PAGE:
Veloce Racing is a new presence on the DCL scene, but the crew of students from Korea wasted no time in making their mark, clinching their first race win at the 2019 opener in Laax, Switzerland. Veloce have just come off a tough battle in the Grand Prix Torino, but at third in the standings, they’re currently in position for an overall podium spot with three races to go.
And Veloce’s individual team members are hardly new to competition. Junyong “Rappy” Heo, who is based in Incheon, took first at the 2018 Hanyang University FPV Drone Race. Seongmin Ko, who lives in Hwaseong and goes by the alias Fredy (“fresh and ready”),was on the third-place team at KAMA 2019. Youngrok Son was the 2016 Korean Drone Racing League Champion and the 2017 FAI World Champion in Seoul. Also in 2017, Youngrok joined the DCL, where across two seasons with XBlades Racing he earned numerous podiums and contributed to the British team’s back-to-back DCL World Championship titles.
“Competing in the track with other pilots gave me a new feeling, and the part that attracted me most was the First Person View,” says the pilot, who has changed his former alias of RockFPV to YoungMoney this season.
Youngrok’s move to Veloce has involved a lot more than an alias change. His responsibilities have evolved, as well. He explains, “When I was on the XBlades Racing Team, I just followed my teammates. But now I am the biggest brother of the Veloce Racing Team. It feels so different – more pressure – but we will be on the right way this season!”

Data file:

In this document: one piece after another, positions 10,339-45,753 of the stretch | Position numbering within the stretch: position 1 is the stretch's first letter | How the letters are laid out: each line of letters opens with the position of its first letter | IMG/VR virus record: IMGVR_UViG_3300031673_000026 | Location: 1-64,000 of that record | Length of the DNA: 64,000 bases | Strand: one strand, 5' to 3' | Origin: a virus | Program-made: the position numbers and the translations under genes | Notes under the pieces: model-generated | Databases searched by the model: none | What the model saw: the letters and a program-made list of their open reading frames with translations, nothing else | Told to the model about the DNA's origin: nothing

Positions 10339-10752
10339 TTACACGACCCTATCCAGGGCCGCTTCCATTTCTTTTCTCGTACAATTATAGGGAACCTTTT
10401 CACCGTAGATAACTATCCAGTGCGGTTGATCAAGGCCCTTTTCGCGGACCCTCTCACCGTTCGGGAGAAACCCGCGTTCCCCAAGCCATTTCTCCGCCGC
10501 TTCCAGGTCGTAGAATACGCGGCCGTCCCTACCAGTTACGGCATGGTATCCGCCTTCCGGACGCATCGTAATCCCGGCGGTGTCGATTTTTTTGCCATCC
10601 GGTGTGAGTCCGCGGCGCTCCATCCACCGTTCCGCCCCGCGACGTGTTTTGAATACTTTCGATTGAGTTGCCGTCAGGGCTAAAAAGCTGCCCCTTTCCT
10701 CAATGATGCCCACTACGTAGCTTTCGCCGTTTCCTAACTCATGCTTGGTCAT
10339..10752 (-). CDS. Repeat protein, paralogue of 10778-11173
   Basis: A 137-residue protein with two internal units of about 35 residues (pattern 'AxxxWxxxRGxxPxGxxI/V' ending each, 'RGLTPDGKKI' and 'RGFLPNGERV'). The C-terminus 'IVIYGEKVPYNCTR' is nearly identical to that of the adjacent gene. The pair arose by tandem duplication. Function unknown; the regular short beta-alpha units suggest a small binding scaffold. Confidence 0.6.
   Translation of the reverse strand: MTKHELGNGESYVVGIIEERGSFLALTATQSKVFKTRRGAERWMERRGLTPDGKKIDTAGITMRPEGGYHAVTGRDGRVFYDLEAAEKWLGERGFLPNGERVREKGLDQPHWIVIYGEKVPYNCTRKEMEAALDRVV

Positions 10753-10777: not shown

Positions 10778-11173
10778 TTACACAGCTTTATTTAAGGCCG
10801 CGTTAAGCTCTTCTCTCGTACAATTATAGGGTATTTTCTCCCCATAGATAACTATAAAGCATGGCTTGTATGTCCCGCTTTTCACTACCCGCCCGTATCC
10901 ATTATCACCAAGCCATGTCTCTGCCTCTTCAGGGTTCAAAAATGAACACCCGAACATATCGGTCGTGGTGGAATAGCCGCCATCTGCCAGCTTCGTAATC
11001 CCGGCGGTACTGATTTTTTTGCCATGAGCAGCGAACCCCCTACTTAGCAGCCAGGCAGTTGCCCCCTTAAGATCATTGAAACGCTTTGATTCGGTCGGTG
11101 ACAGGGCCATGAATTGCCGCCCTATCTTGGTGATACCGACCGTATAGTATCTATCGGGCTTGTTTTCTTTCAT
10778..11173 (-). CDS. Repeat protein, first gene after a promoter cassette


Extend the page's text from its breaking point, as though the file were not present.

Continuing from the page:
Veloce have high ambitions. “Winning is the biggest motivation,” Youngrok shares, “though I love to hang out with my boys and have a party after a race!” They met almost every day during the winter break, working on settings, doing analysis of the most efficient lines and determining how to make the best quads possible. Plus they spend hours on DCL The Game to learn each new track. They’re proud to represent Korea, where, Youngrok reports, interest in drones is booming:
“The government encourages education about drones in university and high school, and there is even a major in self-flying drones, which is my major. Plus there are a lot of drone races and conferences on a world scale in Korea, and we have many great young drone racing pilots.”
While MinChan Kim rounded out the team at Laax, in Turin Veloce’s fourth member was MinJae Kim, a 10-year-old from Hwaseongwith a big smile and astonishing skills. When the team went to a Turin restaurant for a pizza-making lesson, no one seemed to enjoy it more than MinJae.
“There is a difference between Korean-style pizza and the original Italian, which was the biggest reason that MinJae was super excited about making one,” recalls Youngrok. “He loved that pizza!”
The team didn’t love their result in Italy – fifth place in both Turin races – however they took it in stride. “I struggled with the power limits,” admits Youngrok, who designs the drone frame and structure and analyzes settings.“I want to make our team quads faster than the others. This time I didn’t think about power deeply and wisely enough, which made it hard for us to win. But next time, there will be many differences in our quad.”
Another challenge arose for Veloce when team members lost FPV video for a few precious seconds in a Big Heat with eventual winners APEX Racing (DEN). “That was bad luck,” Youngrok says. “Hopefully, we will have better luck in the next race. I am sure that we can come back again!”